Two weeks ago, I took an in-depth look at how Boston’s new pieces would affect the offense. A quick summary: The offense is likely to improve. It may not be a dramatic improvement, but it’s likely to be better than last year. Thank God.
But what about the defense? Are we going to continue to see one of the best defensive teams in the NBA in Boston, or will there be some slippage with a new rotation of players?
Earlier today, I posted this about Brandon Bass, based on stats I found for this article. I was shocked to find that Bass has, statistically, been one of the best defenders in the NBA. Some people on Twitter pointed to this finding as evidence that stats don’t tell the whole story. While I question their conclusions, defensive stats, at least individually, do remain somewhat of a mystery. It’s hard to quantify exactly how well a player defends using numbers, so we are forced to settle for a series of incomplete stats and the eye test (for example, I can see that Andre Iguodala and Tony Allen are two of the best perimeter defenders in the NBA).
So instead of looking at what each player brings individually, let’s take a look at where the Celtics played their best defense and how the new additions might help or hurt (all stats gathered from Synergy Sports).
|P&R Ball Handler||0.71||11.4||1||35.80%|
The first and most important thing to be aware of is that the Celtics have been very good at defense over the years for two main reasons. First: Kevin Garnett is one of the best defenders in the league, and he has been for quite some time. Second: Doc Rivers has been running a very successful defensive system since 2008. Both Garnett and Rivers’ system will remain place in 2013. So there is a very good chance that the defense will continue to be excellent. But that doesn’t mean we can’t take a closer look at it, right? Guys? I lost you with the chart, didn’t I? Whatever, I’m going to keep going.
The best takeaway from the chart above is that the Celtics don’t rely on individually elite defenders to be a great defensive team, although it certainly doesn’t hurt that they have Kevin Garnett and Avery Bradley. How can you tell?
For starters, the Celtics were successful at keeping teams at an arms-length on offense. 20.7% of opponents’ shots were spot-up opportunities. This indicates that the Celtics kept teams away from the basket and in the range of inefficient jumpshots. But even the jumpshots were contested, as opponents only hit 35.1% from mid to long range. By way of comparison, the Sacramento Kings, who allowed more points per 100 possessions than any other team, forced opposing teams into taking spot-up opportunities 18.9% of the time, and opponents hit 39.2% of their shots. That may not seem like a huge difference, but when you consider that these numbers cover more than 1,000 possessions in both cases (and nearly 2,000 in Boston’s case), the percentages end up being very significant.
Another indicator that it’s the Celtic system, as opposed to individuals, is the pick and roll defense. According to Synergy, the C’s allowed opponents just 0.94 points per possession on P&R Roll Man plays, good for 7th overall and used 5.4% time. P&R Roll Man plays are usually higher in PPP (since they often end in baskets close to the hoop), so the fact that the C’s forced the P&R Handler into taking the shot 11.4% of the time is good.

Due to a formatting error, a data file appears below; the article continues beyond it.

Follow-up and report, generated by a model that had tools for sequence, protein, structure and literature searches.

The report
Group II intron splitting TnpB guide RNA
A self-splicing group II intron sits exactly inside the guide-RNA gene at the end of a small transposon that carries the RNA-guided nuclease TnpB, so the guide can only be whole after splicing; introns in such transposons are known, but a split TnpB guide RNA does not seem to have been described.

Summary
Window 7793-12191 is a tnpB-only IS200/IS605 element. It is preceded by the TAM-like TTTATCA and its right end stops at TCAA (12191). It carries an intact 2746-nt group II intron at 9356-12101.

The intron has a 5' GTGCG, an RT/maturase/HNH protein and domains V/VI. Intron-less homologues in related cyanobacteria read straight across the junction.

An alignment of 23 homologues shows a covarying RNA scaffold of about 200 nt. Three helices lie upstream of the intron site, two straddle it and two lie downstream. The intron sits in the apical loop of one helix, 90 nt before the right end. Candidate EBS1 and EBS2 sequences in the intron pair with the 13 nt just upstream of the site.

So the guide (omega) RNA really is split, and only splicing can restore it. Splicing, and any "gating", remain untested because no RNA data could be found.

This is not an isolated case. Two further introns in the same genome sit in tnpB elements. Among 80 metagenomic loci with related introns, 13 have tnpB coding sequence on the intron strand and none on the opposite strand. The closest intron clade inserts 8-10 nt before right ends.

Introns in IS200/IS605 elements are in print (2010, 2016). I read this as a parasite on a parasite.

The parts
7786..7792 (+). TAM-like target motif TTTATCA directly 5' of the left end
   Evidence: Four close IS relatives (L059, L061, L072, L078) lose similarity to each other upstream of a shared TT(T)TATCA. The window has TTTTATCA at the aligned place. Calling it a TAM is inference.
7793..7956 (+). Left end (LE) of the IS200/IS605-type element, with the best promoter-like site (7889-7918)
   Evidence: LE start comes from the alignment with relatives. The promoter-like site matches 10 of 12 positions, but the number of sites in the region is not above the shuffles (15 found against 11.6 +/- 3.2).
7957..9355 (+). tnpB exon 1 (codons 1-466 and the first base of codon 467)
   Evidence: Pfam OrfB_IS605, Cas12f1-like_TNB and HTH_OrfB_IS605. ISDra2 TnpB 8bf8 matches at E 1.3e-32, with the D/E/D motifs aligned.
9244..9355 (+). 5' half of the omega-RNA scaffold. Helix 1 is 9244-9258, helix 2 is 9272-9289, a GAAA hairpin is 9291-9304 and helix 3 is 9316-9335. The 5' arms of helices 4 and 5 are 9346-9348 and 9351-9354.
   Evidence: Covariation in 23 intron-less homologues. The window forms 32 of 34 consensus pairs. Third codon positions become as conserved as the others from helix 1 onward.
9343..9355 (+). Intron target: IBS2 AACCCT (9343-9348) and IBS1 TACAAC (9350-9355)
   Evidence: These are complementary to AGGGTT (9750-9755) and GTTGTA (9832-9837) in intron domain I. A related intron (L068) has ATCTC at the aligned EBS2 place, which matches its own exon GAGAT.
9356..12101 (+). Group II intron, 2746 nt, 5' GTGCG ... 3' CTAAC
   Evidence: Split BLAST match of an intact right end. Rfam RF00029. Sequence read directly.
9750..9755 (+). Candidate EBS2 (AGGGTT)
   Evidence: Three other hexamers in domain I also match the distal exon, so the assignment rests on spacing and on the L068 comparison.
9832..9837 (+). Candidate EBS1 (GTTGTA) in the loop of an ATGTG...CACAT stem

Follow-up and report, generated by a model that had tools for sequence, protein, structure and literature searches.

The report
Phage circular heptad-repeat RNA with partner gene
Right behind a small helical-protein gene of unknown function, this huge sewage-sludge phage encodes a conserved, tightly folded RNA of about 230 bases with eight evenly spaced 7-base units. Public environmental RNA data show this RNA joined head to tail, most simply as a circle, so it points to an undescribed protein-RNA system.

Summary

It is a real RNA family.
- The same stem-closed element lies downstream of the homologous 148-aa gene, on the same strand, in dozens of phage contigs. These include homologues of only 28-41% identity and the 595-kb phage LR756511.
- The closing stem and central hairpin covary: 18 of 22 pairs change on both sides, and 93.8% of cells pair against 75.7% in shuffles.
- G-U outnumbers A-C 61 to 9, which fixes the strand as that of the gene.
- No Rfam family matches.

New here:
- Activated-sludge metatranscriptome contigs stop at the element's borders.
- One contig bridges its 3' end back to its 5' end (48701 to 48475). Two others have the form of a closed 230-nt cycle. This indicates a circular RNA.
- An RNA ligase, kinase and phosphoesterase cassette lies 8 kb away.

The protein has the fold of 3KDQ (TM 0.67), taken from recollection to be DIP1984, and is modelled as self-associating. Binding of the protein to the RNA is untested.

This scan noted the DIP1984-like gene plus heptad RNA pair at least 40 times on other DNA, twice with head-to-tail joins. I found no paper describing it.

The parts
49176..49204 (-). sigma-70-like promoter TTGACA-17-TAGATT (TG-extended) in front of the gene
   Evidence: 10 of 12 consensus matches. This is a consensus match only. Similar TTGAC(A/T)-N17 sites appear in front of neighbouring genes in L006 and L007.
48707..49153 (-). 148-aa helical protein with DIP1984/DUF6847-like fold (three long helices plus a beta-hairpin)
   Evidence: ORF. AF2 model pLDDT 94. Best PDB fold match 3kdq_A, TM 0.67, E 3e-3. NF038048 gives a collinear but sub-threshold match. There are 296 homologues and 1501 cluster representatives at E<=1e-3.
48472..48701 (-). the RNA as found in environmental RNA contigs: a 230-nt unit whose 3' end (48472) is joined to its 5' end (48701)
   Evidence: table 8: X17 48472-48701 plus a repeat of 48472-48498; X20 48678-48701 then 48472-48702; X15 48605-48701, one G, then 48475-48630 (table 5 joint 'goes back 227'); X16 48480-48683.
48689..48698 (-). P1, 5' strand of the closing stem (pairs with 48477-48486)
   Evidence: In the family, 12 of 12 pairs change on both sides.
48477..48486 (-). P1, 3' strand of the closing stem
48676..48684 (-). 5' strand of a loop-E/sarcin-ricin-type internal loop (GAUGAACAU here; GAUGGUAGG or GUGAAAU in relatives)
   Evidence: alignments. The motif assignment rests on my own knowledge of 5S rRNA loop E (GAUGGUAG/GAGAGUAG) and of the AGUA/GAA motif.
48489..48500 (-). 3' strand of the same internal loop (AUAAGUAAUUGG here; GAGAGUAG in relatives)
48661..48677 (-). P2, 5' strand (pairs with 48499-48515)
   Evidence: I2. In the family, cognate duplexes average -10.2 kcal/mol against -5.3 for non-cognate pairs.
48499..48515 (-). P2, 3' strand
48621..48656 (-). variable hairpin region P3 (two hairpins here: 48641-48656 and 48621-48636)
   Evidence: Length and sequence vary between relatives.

An important caveat, however: In some situations, you better be careful what you wish for. Sure, you would rather have Joakim Noah trying to put in a shot off a P&R than Derrick Rose, but what about Miami? When Bosh runs a pick and roll with Dwyane Wade (or worse: when LeBron acts as the roll man, where he averaged 1.17 PPP), how do you defend that? Who do you want shooting?
There is, of course, no easy answer, or the Heat wouldn’t be nearly as dangerous as they are. No matter who guards Wade/James/Bosh and no matter perfectly how the C’s rotate, there is always going to be a frighteningly good chance that they will be able to blow by to the basket. But one way the Celtics compensated last year, especially when Bosh set high screens, was by having interchangeable players guarding both Handler and Roll Man, then just switching on everything. Rondo v. Wade isn’t a good defensive matchup for this reason; though he is a good defender, Rondo can’t possibly guard Chris Bosh rolling to the hoop if the C’s need to switch.
This is a big part of the reason why Jeff Green’s abilities, particularly defensively, matter so much to the Celtics as title contenders. If Green can switch and play moderate-to-good defense on Miami’s Big 3 (not shutdown defense, but GOOD defense), he is going to be an invaluable piece to the puzzle, a piece that the Celtics badly lacked last year. His length can bother a shooter, his quickness can cut off a drive and his height can bother the roll man. As is so often the case with Jeff Green, he has the potential, but his play hasn’t proved that he can utilize it.
As for the other newcomers? Courtney Lee was a middle of the pack defender last season, but we saw how a middle of the pack defender could be turned into an excellent defender in five years with Ray Allen. Barbosa was much the same way. His numbers are better than Lee’s, but they are also aided and abetted by his proximity to Roy Hibbert in the latter parts of 2012, after Toronto dealt him to the Pacers. And I have made my case for Brandon Bass starting over Jared Sullinger.
We can safely assume that the Celtics will be a very tough defensive team again this year, barring injuries. Whether their stingy defense is stingy enough to take the next step remains to be seen.
Follow Tom on Twitter: @Tom_NBA.
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